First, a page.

Tolkien, J. R. R. (2001). The silmarillion. (2nd ed. ed.). New York: Houghton Mifflin Company.
The Silmarillion is arguably the crowning glory of J.R.R. Tolkien’s literary and imaginary creations. This was one of the author’s earliest undertakings, and it wasn’t published until after his death; Tolkien poured everything he had into this work.
This dense novel has long been heralded as a long and arduous undertaking for any reader, and for quite some time this intimidated me. As my curiosity grew, I knew I had to give this a shot; even if I couldn’t complete this work in its entirety, I wanted to explore it for myself. I had heard that this work can be considered a history book of sorts, and I wasn’t misinformed on that. I was surprised however, to find how compelling and thrilling that history was.
This book is equal in comparison to ancient myths and legends, and as many epic stories start, this was began with a creation story. This creation story was at the same time similar and yet dissimilar to all creation stories I have ever read. Tolkien wows his readers, as he wowed me, with the mysterious and intriguing creation of his Middle Earth through the melodious song of an omnipotent being. I was personally stunned and awed as the themes within this creation song sung to the infantile world before it began.
It is during this creation story and many other occasions throughout the novel when J.R.R. Tolkien’s Catholic faith shine through his work. It’s not hard to see how some examples of his work can easily be confused with Scripture. For instance, “These too in their time shall find that all that they do redounds at the end only to the glory of my work.” As a Christian-Catholic reader, I enjoy seeing the impact of Tolkien’s faith on his work. Even readers who do not share this similar background with the author will enjoy seeing his life’s work unfold within the pages of this book. This is due in part because The Silmarillion sets the scene for Tolkien’s later works such as The Hobbit and The Lord of the Rings Trilogy. The history, language, geography, and conflicts of these widely known works are all introduced in this novel.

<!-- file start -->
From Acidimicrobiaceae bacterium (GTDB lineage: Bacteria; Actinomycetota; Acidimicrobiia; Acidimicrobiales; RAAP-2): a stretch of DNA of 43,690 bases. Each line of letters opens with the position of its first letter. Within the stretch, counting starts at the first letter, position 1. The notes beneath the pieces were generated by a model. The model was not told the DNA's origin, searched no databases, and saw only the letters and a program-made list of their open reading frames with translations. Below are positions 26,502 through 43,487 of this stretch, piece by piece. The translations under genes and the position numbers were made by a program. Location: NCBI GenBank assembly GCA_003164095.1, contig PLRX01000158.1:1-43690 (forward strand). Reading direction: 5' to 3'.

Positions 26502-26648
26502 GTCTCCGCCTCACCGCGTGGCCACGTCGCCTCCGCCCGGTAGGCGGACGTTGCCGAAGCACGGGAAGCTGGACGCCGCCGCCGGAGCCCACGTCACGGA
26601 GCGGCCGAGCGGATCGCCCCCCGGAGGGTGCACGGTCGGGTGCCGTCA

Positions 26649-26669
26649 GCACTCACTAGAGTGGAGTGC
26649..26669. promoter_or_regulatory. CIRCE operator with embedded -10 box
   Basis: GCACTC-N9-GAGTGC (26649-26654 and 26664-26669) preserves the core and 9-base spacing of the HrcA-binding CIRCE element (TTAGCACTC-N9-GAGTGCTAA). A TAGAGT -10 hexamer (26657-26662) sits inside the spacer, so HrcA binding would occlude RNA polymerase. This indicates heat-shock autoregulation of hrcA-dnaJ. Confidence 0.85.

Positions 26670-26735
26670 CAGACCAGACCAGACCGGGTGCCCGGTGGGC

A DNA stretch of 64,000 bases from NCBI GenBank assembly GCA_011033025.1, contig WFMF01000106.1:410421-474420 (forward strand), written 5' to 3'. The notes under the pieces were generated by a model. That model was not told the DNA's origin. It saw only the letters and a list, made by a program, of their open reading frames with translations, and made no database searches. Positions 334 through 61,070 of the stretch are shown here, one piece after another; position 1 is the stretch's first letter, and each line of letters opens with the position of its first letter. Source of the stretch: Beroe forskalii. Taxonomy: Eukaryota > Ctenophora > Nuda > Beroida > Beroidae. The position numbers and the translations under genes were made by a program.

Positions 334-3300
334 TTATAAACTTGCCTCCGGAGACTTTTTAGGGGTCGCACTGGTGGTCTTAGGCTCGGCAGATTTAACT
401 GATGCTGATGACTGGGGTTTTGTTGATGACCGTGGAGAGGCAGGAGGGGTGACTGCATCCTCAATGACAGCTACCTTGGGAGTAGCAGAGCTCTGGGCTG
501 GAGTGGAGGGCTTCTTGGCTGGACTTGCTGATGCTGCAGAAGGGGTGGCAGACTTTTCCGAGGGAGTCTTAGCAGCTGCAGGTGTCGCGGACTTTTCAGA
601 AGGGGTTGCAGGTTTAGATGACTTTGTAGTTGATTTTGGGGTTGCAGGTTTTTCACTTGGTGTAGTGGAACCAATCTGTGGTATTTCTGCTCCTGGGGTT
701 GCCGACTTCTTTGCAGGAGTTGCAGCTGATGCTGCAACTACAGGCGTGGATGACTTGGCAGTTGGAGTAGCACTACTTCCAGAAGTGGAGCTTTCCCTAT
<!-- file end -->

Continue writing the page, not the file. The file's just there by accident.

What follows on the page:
To any reader seeking to conquer this challenging work, I salute you. Yes, it is a lot to read, but for any Tolkien enthusiast this is a welcomed challenge. J.R.R. Tolkien’s The Silarillion takes its readers on an epic journey that is nothing short of astounding.